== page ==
Hare's 'Skylight' May Go to NY | Playbill

News Hare's 'Skylight' May Go to NY
Skylight, David Hare's play that won the 1996 Olivier Award as Best Play in London, is already visible on the New York horizon for late in 1996.

Skylight, David Hare's play that won the 1996 Olivier Award as Best Play in London, is already visible on the New York horizon for late in 1996.

Director Richard Eyre, who runs London's National Theatre, anticipates the play will be done on Broadway rather than at Lincoln Center. "Robert Fox is producing it in London and would probably produce it in association with The Shuberts over here," he says. "We'd probably go for a Shubert theatre because we've had quite a long association with them. They did 'Indiscretions' and 'An Inspector Calls.'"

"Skylight" stars Michael Gambon and Lea Williams--and, says Eyre, "I hope, God and Equity willing, they will be doing it over here."

Gambon's classic title performance in the TV miniseries, "The Singing Detective," caused an increase in his big-screen visibility ("A Man of No Importance," "The Cook, The Thief, His Wife & Her Lover," "Toys"). Williams is known for the London "Oleanna."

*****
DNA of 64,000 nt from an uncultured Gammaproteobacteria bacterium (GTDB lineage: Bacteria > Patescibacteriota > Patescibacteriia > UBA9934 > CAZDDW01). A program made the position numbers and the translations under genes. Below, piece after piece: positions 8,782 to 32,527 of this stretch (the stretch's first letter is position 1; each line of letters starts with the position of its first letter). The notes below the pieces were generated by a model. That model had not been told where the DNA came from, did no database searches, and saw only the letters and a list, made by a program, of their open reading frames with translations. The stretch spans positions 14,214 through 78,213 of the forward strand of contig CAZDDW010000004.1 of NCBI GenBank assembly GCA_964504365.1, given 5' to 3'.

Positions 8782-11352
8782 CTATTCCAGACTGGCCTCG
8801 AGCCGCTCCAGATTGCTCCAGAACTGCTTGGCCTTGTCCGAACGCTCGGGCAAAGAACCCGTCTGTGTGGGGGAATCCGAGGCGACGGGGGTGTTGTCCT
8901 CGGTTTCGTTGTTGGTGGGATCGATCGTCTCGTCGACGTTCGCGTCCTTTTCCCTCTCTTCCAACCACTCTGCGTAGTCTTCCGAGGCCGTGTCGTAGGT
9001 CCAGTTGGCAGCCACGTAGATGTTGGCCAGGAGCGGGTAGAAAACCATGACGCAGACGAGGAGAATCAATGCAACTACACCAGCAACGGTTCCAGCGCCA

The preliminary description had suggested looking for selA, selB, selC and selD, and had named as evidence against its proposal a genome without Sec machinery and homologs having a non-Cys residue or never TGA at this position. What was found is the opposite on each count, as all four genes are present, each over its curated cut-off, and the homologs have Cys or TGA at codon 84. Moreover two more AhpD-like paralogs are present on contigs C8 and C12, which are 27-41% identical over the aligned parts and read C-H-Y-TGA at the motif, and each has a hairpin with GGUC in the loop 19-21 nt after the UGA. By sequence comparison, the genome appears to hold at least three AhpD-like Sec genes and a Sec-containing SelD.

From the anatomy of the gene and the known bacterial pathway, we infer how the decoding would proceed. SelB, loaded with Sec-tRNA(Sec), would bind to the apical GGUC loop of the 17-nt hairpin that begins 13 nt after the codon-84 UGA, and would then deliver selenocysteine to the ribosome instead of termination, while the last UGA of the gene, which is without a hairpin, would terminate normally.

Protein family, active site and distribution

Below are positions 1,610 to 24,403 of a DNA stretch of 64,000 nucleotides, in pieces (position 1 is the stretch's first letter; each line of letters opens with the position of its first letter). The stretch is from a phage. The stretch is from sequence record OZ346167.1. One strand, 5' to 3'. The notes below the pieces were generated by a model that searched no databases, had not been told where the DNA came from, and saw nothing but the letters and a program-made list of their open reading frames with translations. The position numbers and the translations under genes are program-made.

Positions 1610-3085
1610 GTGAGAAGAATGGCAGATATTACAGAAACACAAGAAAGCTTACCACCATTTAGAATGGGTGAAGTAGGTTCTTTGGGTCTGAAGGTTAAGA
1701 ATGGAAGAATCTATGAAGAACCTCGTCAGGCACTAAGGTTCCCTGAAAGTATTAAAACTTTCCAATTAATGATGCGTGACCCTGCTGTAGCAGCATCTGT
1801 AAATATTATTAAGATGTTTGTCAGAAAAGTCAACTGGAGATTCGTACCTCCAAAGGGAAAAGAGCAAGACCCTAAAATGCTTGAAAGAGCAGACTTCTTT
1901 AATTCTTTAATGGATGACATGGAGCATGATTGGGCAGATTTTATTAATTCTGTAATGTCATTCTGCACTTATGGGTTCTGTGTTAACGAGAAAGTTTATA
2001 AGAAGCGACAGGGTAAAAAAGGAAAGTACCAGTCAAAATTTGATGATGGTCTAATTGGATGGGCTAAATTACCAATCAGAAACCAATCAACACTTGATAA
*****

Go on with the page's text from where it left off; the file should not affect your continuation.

"Essentially," says Eyre, the play is about two characters. One is a businessman in his late 50s--a rich, successful entrepeneur. The other--a woman 25 years younger than he--is a teacher and dedicated her life to the service of others. They once had an affair, and he has returned to resume it. 'Skylight' is about romantic passion--but, also, ways of life. His life--the life of an entrepeneur, making money--is the complete opposite of hers." This is the fifth, and latest, Hare & Eyre joint endeavor. The first, "The Great Exhibition," occurred 20 years ago. During the past five or six years, the two have been focused on a controversial trilogy of plays that depicted various aspects of contemporary English life. "Racing Demon" took on the Anglican Church, caught between empty rhetoric and social action; "Murmurring Judges" examined the legal system; "The Absence of War" explored politics.

"I think it's unlikely the other two will be coming over," Eyre admits. "They are much more localized and less universal than 'Racing Demon,' which somehow, though it is about the behavior of the Church of England, has a certain universality. Also, it was better received than these other two plays."

Eyre's first order of nonadministrative business at the National will be to direct "The Prince's Play," derived from a play by Victor Hugo called "La Roi S'amuse (The King Amuses Himself)." "You think you don't know it, but you do if you know opera. It's the play from which 'Rigoletto' was taken. Tony Harrison's done an adaptation set in England at the end of the 19th century."

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